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Being sustainable is not just about creating a low carbon economy. If we truly want to lead a healthier life not only for ourselves but for our planet we need to pay attention to what we eat. That’s where innovation comes in. Over the past couple of years we have seen a rapid growth in the food+tech industry. Products and projects like sensors and software that help farmers improve margins, crowdfunding platforms that help food artisans jump-start their business and big data and apps that allow consumers to make more informed choices are now everywhere. This surge of startups and innovators is disrupting how food is produced, distributed, sold and consumed everywhere.

Here are 4 trends  you should know about the food+tech world:

1. Consumers are more informed and conscious about their food than ever.
Millennials are more likely to demand responsible business practices, quality products and services than previous generations. They’re a powerful global economic force and are not afraid to ask what’s in their food. With new technologies helping to increase transparency  throughout the supply chain, consumers can and will demand to know where and more importantly how their goods and services have been produced. If brands want to capture a special place in their customers’ hearts (and wallets), responsible behavior is a must.
2. IoT continues to revolutionize the way we grow, distribute and consume food.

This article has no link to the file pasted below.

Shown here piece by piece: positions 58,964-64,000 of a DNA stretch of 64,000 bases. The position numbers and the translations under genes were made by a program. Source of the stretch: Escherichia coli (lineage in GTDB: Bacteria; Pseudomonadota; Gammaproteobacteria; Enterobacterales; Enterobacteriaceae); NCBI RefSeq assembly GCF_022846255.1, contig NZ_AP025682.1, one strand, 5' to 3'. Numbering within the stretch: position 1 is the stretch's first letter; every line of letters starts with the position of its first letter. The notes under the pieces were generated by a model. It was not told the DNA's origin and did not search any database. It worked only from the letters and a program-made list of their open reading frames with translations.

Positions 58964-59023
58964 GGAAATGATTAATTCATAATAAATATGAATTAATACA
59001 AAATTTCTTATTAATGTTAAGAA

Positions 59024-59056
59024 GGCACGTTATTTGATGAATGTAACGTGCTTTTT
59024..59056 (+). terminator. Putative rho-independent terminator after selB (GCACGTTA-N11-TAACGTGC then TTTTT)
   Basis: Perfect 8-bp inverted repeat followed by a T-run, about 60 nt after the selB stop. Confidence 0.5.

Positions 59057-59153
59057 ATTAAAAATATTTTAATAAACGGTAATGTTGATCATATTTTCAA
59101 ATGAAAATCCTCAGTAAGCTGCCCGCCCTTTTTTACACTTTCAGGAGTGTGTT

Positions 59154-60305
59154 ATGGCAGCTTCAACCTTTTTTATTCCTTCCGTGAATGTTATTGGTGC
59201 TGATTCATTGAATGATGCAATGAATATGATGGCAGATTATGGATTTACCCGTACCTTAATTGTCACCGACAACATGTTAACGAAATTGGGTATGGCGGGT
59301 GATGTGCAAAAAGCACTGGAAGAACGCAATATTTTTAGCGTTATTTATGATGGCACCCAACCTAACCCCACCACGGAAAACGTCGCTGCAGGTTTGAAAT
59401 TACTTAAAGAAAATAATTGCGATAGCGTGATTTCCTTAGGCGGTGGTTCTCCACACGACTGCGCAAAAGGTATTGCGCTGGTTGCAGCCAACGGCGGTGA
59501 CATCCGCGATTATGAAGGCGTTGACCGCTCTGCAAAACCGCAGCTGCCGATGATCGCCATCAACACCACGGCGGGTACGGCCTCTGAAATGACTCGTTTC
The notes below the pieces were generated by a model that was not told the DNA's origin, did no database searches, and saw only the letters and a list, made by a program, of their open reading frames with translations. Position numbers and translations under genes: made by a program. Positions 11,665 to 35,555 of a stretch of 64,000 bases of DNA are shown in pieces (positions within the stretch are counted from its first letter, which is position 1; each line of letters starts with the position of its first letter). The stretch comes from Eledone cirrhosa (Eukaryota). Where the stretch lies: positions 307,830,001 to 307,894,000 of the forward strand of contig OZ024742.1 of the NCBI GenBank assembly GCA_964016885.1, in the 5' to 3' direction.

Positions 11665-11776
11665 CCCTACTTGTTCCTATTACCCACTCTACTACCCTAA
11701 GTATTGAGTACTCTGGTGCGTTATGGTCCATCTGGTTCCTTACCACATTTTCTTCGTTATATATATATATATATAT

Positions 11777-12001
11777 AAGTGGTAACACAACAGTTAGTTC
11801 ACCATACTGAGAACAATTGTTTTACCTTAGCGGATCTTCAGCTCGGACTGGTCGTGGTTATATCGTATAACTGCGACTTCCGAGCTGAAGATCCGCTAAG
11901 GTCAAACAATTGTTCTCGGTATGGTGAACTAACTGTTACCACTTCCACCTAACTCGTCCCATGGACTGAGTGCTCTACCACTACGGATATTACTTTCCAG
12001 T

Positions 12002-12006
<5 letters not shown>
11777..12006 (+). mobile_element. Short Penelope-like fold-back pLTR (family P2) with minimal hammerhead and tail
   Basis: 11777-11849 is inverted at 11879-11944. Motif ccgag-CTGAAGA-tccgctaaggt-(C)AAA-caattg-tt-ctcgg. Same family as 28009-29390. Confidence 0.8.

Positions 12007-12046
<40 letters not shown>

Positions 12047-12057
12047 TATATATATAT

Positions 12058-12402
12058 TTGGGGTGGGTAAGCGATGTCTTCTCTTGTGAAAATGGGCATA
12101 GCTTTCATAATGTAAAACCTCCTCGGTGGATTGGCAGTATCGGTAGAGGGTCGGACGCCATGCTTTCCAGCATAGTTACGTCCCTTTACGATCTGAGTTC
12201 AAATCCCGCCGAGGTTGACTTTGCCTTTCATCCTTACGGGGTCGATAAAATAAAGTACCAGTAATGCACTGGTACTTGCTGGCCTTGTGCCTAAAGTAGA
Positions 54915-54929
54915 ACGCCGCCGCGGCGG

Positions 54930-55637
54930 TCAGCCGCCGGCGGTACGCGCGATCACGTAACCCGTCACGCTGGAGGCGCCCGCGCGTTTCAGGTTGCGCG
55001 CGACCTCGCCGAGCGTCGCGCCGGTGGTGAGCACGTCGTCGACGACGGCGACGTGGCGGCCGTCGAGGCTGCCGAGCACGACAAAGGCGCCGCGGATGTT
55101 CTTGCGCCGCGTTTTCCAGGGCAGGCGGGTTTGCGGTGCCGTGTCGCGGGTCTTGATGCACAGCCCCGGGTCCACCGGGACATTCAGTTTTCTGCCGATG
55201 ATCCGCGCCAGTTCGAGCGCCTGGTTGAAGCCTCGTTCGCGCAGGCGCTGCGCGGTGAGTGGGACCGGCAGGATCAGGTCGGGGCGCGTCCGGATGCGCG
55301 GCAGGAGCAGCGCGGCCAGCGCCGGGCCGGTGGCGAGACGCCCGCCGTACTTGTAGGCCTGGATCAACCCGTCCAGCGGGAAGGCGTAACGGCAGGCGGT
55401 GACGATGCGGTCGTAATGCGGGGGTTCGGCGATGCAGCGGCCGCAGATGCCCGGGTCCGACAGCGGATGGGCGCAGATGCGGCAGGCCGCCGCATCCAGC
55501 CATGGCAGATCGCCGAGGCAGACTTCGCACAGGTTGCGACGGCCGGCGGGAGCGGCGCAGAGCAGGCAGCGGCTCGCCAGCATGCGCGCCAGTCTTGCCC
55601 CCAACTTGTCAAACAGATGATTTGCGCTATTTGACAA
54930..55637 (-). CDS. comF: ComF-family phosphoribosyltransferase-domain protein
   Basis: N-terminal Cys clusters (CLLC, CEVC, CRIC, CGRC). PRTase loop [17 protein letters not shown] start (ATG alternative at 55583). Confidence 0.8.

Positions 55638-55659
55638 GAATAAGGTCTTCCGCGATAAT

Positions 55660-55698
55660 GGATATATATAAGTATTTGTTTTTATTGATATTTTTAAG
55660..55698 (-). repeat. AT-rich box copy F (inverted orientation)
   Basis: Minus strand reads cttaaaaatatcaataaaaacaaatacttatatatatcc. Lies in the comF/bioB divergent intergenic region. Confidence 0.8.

New technologies continue to revolutionize the way we interact with food. We can now use sensors and agricultural devices that monitor the soil and water conditions of gardens and crops to increase efficiency. Due to the surge of rooftop greenhouses and vertical farms that continue to  bring food back to cities and closer to the consumers, it’s easier than ever to get fresh produce in urban environments without the environmental footprint of transportation.  Finally, restaurants like Eatsa are rethinking fast food by creating healthy, plant based foods at accessible prices while cutting down operational costs by running their restaurants through automated systems. Stay tuned, this is just the beginning of all the endless possibilities of intersecting food and tech.
3. Distribution and storage: the big challenge (and opportunity) for developing nations.
The FAO found that 40% of all fruit and vegetables grown in Sub-Saharan Africa is wasted postharvest, which is primarily due to inefficient distribution and storage systems. With so much food and value being lost, the opportunity for technological innovation to reduce waste, get more food to tables, and generate profits is significant.
4. We need to rethink how we handle waste.
As companies and founders look for ways to increase efficiency, waste will no longer be treated as a problem or externality. Food waste throughout the supply chain can be treated as a huge opportunity for startups to develop new technology which would provide significant value for operators and investors. Turning food waste into biofuels, fruit skin into fabrics, or figuring out a way in which good leftover food can be passed on to those in need are just some of the ways in which we will see great innovation in the upcoming years.